Barbara Loe Fisher, founder of the National Vaccine Information Center, reported that the experts also fail to tell the public thatanother Bordetella organism – parapertussis – also can cause whooping cough. B. parapertussis symptoms, while often milder, can look exactly like B. pertussis. But doctors rarely recognize or test for parapertussis. And there is NO vaccine for parapertussis.”

Whether to vaccinate – just a few or none at all – is a critical question all parents face today. There are no guarantees. For help, see the various articles in our reading library. 

Tuesday, January 4, 2011

President Obama uses EPA to address climate change

For the first time, the federal government is about to regulate greenhouse gasses from factories and fossil fuel power plants – two large industrial sources, representing nearly 40 percent of the GHG pollution in the U.S. The U.S. Environmental Protection Agency issued its plan for establishing greenhouse gas (GHG) pollution standards in 2011 under the Clean Air Act.

“These standards will help American companies attract private investment to the clean energy upgrades that make our companies more competitive and create good jobs here at home,” Administrator Lisa Jackson said.

Several states, local governments and environmental organizations sued EPA over the agency’s failure to update the pollution standards for fossil fuel power plants and petroleum refineries. Under this new agreement, EPA will propose standards for power plants in July 2011 and for refineries in December 2011 and will issue final standards in May 2012 and November 2012, respectively.

The Clean Air Act requires EPA to set industry-specific standards for new sources that emit significant quantities of harmful pollutants. These standards, called New Source Performance Standards (NSPS), set the level of pollution new facilities may emit and address air pollution from existing facilities.

Administration officials are treading lightly, fearful of stiff Republican resistance – some have likened the EPA to terrorists – and mindful of impacts on job creation and economic recovery. Representative Fred Upton, the Michigan Republican who is set to become chairman of the powerful House Energy and Commerce Committee, said he was not convinced that greenhouse gases needed to be controlled or that the E.P.A. had the authority to do so. “This move represents an unconstitutional power grab that will kill millions of jobs –unless Congress steps in.”

Tim Phillips, president of Americans for Prosperity, a conservative group financed by Koch Industries and other oil companies, has spread skepticism about global warming.

William K. Reilly, administrator of the environmental agency under the first President George Bush, said the EPA is wedged between a hostile Congress and the mandates of the law, with little room to maneuver. But he also said that anti-E.P.A. zealots in Congress should realize that the agency was acting on laws that Congress itself passed, many of them by overwhelming bipartisan margins.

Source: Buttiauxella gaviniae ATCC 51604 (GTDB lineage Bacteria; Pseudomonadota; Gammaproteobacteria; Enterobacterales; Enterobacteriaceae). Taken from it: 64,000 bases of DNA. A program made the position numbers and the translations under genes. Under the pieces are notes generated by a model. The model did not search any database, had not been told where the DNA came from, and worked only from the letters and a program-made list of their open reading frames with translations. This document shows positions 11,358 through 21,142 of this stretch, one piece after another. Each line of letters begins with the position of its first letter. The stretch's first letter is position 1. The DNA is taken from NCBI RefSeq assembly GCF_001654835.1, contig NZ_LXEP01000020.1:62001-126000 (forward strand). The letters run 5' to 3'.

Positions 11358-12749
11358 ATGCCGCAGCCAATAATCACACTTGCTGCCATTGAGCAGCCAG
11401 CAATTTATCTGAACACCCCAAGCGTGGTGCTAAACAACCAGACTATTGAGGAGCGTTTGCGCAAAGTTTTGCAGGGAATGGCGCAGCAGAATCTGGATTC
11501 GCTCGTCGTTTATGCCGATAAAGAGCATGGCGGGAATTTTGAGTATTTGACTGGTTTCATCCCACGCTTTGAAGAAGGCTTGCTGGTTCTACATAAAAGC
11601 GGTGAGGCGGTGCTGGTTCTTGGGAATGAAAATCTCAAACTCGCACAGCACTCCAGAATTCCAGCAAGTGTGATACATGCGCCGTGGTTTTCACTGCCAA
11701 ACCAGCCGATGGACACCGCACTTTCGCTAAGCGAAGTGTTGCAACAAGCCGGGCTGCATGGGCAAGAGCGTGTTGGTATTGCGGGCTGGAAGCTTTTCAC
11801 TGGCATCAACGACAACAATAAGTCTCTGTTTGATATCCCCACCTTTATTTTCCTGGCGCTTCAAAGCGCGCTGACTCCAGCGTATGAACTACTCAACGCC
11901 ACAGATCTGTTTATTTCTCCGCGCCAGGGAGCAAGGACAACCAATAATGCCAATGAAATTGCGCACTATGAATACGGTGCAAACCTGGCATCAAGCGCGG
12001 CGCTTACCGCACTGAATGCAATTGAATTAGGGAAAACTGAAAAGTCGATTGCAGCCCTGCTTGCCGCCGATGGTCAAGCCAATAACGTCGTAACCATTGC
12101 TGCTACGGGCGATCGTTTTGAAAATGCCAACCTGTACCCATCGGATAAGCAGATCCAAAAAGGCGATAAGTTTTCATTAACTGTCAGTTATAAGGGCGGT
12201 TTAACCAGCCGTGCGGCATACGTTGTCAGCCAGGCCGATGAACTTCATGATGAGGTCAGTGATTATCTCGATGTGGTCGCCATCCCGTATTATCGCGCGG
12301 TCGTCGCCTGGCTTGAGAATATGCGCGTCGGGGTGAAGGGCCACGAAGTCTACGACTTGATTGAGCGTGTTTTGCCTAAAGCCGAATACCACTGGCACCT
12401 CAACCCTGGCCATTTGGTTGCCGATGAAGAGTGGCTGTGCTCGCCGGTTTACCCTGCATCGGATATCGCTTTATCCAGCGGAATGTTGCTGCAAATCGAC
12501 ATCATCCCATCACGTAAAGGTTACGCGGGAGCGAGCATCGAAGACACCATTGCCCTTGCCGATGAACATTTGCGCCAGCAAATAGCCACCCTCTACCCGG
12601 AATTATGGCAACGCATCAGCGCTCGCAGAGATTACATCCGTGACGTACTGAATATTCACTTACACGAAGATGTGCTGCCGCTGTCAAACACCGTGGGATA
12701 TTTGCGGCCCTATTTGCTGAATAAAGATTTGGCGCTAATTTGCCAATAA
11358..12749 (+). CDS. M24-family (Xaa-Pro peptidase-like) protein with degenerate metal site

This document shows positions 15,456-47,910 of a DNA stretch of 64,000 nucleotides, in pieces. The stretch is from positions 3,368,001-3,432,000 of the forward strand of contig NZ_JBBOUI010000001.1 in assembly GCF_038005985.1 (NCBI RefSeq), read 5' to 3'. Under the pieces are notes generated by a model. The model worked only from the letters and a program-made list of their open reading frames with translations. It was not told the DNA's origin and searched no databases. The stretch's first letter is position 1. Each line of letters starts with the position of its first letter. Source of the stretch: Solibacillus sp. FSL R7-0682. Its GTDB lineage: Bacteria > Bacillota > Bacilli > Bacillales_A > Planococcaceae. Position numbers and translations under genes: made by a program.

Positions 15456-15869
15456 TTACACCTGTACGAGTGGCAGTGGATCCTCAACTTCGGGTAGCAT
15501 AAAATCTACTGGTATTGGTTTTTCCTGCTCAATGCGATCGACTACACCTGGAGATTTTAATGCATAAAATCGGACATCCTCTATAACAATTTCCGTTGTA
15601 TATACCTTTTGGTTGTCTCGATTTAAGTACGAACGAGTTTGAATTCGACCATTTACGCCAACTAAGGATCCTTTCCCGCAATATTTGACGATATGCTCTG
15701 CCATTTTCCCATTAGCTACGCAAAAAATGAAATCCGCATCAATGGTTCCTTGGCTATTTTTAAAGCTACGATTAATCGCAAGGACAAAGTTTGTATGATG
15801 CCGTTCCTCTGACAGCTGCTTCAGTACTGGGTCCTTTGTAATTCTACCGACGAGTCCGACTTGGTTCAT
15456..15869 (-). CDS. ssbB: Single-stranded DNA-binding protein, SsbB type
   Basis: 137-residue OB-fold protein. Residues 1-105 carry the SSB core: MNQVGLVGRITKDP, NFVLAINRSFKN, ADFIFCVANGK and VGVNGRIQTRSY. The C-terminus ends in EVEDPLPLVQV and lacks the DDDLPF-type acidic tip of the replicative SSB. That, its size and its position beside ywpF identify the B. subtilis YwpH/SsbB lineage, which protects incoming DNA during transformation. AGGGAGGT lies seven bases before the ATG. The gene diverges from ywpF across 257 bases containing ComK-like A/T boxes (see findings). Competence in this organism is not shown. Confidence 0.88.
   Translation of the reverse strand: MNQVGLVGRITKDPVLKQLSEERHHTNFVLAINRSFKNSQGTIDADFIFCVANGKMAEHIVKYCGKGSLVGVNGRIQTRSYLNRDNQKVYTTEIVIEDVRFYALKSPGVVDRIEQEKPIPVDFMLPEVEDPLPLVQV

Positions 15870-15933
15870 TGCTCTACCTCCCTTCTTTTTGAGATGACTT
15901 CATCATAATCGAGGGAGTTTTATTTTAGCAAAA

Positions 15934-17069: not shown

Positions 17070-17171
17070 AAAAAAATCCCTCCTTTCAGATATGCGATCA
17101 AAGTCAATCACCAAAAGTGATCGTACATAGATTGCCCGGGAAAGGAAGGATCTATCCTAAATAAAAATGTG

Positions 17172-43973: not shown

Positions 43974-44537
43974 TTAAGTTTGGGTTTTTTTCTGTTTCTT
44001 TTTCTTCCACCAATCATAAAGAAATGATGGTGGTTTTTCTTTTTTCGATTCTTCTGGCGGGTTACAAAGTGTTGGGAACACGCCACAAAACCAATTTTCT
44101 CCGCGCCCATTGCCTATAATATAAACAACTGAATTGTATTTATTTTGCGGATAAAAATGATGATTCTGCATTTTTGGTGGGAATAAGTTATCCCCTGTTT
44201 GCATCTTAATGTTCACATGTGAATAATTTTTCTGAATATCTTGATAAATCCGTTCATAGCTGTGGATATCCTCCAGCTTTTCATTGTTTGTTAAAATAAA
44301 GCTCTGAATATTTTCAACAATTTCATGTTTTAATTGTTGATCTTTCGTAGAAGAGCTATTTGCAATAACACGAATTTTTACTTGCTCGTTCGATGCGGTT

Dr. Grout’s comment:

So what is it going to take? The pro-business and pro-environment factions in Congress seem to be gearing up for World War Three over this one. Ironically, greenhouse gas emissions in the United States are already falling faster than any current legislative or regulatory proposal envisions, because of the recession-driven drop in demand for electricity.

What can you and I do? For one thing, look at our vehicles. We can always choose to buy a vehicle which gets better gas mileage. Car manufacturers do not make any money on our current gas guzzlers. The oil companies do, but that’s another story. Car manufacturers watch the bottom line. If they see a trend toward purchasing more energy-efficient cars, believe me, they will manufacture more energy efficient cars. Just look at the current marketplace.

OK, what do we do about the enormous economic clout of the oil producers? Follow the State of Texas which refuses to implement any of the federal legislation about clean air? The same State of Texas which has a cluster of autistic children that developed in direct proportion to the increase in their air pollution? If we love the State of Texas sufficiently to stay in it, then perhaps we go to court to force change. Or… we just get sick and blame it on something else. If we are not so tied to the State of Texas, then we can always vote with our feet. Change is difficult, but not impossible.

Just to dream a little… What if the government created better incentives so that oil producers put some of their enormous revenue into the development of clean technologies – wind, or water, or solar, or thermal power? We can always dream… In the meantime, there is ALWAYS a way out. You may have to look up at the ceiling to see the door out of the room in which you are trapped. But there is always a door. We just have to adjust our minds to see it.